America's highways are littered with loose ends. In Houston, relics of an incomplete inner city project loom on the east and west ends with nothing in-between. In Portland, ramps built to merge with the Mt. Hood Freeway simply drop off into an overgrown field.
In the 1930s, construction began on a highway that would cross Pennsylvania’s unruly terrain, following a path developed by the railroad magnate William Vanderbilt. But by the 60s, the route had bypassed a long segment and a narrow tunnel in Breezewood, Pennsylvania. The highway is now slowly being recaptured by nature.
Carl Sagan is the go-to guy for interstellar greeting cards. During the 1970s, he developed plaques for equipment that NASA thought had the potential of being discovered millions or billions of years in the future.
The most ambitious project was the golden records for the Voyager probes. Sagan was given the daunting task of assembling a guide to all things human. Something that would fit on a standard 12-inch record.
Suicide bombings, an act usually associated with terrorism, can be found in select insects that are built to self-destruct.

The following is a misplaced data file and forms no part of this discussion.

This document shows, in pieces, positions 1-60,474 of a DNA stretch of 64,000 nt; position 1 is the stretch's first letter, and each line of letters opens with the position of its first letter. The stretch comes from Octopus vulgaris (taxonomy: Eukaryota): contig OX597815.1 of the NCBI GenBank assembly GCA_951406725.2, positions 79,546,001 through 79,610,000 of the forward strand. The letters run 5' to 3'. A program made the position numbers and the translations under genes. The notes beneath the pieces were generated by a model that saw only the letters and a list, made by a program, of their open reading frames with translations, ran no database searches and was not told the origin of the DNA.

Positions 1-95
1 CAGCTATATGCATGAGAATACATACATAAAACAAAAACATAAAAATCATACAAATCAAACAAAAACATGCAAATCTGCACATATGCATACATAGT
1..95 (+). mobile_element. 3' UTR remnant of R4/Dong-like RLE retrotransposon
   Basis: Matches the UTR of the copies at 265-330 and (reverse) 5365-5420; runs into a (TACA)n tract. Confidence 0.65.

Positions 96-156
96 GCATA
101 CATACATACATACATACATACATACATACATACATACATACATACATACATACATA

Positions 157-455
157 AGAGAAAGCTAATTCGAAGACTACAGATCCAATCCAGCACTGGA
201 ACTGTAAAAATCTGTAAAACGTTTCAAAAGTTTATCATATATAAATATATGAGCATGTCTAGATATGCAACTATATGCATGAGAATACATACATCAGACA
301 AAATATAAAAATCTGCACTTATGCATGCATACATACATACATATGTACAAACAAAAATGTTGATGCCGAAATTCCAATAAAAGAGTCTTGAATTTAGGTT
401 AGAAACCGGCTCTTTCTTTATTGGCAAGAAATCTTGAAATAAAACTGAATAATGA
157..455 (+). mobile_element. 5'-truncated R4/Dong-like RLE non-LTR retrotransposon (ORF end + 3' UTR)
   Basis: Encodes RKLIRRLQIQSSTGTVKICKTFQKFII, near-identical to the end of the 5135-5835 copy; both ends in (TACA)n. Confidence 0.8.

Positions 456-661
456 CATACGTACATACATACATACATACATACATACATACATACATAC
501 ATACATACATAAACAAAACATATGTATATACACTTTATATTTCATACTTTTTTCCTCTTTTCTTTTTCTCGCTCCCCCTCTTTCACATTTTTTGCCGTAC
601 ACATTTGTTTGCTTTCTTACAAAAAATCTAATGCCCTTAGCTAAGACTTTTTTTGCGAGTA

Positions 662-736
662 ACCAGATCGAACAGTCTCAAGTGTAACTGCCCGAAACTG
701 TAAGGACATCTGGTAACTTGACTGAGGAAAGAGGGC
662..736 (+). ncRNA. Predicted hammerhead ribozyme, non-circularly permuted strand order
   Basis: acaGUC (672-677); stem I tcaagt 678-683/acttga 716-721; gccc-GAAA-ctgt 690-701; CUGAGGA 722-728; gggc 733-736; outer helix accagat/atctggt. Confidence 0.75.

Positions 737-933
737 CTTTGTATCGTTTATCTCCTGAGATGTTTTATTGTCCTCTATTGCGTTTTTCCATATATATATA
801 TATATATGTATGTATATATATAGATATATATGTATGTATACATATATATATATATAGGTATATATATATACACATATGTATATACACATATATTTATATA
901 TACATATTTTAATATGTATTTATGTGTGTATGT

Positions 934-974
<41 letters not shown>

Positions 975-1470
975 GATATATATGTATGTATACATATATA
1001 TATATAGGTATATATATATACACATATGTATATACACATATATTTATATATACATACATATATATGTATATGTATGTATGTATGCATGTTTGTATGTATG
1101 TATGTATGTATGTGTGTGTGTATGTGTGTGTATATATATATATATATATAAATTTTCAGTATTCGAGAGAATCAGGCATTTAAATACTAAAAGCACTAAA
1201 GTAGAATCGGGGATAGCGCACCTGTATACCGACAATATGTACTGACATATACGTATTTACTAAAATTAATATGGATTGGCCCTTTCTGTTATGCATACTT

In Southeast Asia, at least nine different varieties of carpenter ants have an unusual talent; they can make themselves explode.
It's a natural act of defense in which they (Camponotus saundersi, for instance) grip an enemy, squeezing it tightly until the ants own abdominal lining ruptures. It's a suicide bombing that releases sticky toxins that glue the ant and its foe together, killing them both.
Roller coasters are the workhorse of the modern theme park, but their rise to popularity has been long and strange.
Its precursor could be found outside of St. Petersburg in the 1800s. Massive ice slides called Russian Mountains were reinforced with wood, plunging up to seventy feet at sharp angles.
We can still see this origin in the words for “rollercoaster” in romance languages like Spanish— La Montaña Rusa—and other variations in French, Italian and Portuguese. Strangely, the Russian term literally translates as “American Mountains.”
A lot has changed for the Olympics over the last century, including the focus on an entire discipline.
The Olympics from 1912 to 1952 weren’t just about sports, but art. Medals were given out for painting, sculpture, literature, music and architecture. The only caveat being that the pieces must be inspired by sport.
The rumors began circulating in 2001 about something called The Ginger Project, or simply “It.” Talk of changing the world, of reorganizing cities, of "Reinventing the Wheel"—as Time Magazine called it in one article title—all of these hopes were in the air.